Sunday, October 28, 2007

British Commander: Basra fight pointless

The politicians need to assign handlers to top commanders so that utterances can be cleared before they get uttered. It seems that many military people seem blissfully unaware that their role is not to say what they believe but what they ought to believe according to their political masters.

Basra fight pointless, says British commander
Gethin Chamberlain in southern Iraq
Last Updated: 2:02am GMT 28/10/2007

One of the most senior British commanders in Iraq has claimed that there is no point in fighting on in Basra, likening British troops in the city to "Robocop" and admitting that innocent people were hurt as a result of their actions.

On the ground with British troops in southern Iraq

The officer, who spoke to The Sunday Telegraph on condition of anonymity, said commanders had concluded that a military solution was no longer viable.

"We are tired of firing at people," he said. "We would prefer to find a political accommodation."

The officer, who is responsible for thousands of troops, said the decision to pull soldiers out of the centre of Basra last month came after commanders concluded that using Iraqi forces would be more effective. "We would go down there [Basra], dressed as Robocop, shooting at people if they shot at us, and innocent people were getting hurt," he said. "We don't speak Arabic to explain and our translators were too scared to work for us any more. What benefit were we bringing to these people?"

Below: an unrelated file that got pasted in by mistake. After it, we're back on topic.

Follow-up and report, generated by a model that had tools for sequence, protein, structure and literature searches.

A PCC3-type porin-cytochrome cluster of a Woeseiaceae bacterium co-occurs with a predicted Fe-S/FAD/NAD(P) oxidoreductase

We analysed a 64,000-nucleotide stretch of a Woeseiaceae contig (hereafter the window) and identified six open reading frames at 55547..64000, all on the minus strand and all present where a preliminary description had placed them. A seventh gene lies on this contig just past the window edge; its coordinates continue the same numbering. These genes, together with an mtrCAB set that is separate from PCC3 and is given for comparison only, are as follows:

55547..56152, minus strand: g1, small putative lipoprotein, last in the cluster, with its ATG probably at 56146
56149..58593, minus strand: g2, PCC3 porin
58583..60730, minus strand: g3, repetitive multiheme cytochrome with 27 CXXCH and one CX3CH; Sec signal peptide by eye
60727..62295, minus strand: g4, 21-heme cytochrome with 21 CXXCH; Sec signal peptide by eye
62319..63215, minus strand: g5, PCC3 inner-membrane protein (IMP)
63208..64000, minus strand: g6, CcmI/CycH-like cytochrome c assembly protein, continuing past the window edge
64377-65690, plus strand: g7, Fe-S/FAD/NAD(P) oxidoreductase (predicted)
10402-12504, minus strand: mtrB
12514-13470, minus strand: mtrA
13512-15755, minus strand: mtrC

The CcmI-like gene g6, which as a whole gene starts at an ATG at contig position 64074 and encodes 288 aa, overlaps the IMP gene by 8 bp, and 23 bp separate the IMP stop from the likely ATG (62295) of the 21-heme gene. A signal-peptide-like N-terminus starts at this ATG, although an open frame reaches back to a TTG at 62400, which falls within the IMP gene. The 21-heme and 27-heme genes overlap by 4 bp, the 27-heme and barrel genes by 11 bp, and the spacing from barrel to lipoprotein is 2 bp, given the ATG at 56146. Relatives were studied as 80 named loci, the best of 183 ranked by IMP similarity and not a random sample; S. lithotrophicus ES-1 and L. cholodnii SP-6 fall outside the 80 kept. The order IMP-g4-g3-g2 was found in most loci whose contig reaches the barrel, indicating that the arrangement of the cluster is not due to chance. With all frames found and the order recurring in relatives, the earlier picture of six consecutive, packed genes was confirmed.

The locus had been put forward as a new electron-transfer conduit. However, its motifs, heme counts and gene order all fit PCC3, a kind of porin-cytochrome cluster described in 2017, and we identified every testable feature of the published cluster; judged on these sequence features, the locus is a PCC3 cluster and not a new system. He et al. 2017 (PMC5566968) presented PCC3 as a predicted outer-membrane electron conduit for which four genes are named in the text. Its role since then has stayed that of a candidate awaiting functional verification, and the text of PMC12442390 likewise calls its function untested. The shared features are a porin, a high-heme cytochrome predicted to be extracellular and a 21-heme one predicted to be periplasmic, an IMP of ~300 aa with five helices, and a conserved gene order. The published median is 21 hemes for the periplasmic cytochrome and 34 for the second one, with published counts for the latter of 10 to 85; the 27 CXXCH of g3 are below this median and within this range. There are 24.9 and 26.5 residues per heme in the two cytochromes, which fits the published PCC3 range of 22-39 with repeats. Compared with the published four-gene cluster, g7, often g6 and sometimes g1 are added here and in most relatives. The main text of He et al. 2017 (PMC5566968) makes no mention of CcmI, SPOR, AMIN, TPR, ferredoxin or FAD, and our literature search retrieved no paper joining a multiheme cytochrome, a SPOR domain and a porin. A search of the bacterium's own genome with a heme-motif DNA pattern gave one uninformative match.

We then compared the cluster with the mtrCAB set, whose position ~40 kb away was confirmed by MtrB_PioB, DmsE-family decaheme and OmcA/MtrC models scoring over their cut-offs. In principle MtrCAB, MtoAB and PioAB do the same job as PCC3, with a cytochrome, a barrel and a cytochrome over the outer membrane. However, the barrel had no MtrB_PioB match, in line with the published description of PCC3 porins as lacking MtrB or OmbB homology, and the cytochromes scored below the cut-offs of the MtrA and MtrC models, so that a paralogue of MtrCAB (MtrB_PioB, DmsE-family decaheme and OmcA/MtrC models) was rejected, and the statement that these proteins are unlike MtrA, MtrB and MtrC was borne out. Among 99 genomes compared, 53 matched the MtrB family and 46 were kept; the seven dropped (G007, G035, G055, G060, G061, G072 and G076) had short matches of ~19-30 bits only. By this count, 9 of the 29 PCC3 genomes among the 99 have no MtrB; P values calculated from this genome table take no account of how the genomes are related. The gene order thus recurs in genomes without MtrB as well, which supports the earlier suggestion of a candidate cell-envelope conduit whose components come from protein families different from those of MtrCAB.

British forces have struck a deal with Shia militias to withdraw to a single base at the international airport in return for assurances that they will no longer be attacked.

Yesterday, former military commanders and politicians expressed outrage at the officer's comments.

Liam Fox, the shadow defence secretary, said: "A lot of those who have served in Iraq will be disappointed and angry at being portrayed in this manner."

The former SAS deputy commander Clive Fairweather said he was appalled by the message coming out of Basra. "One wonders whether the Union Jack or the white flag should be flying over Basra airfield," he said.

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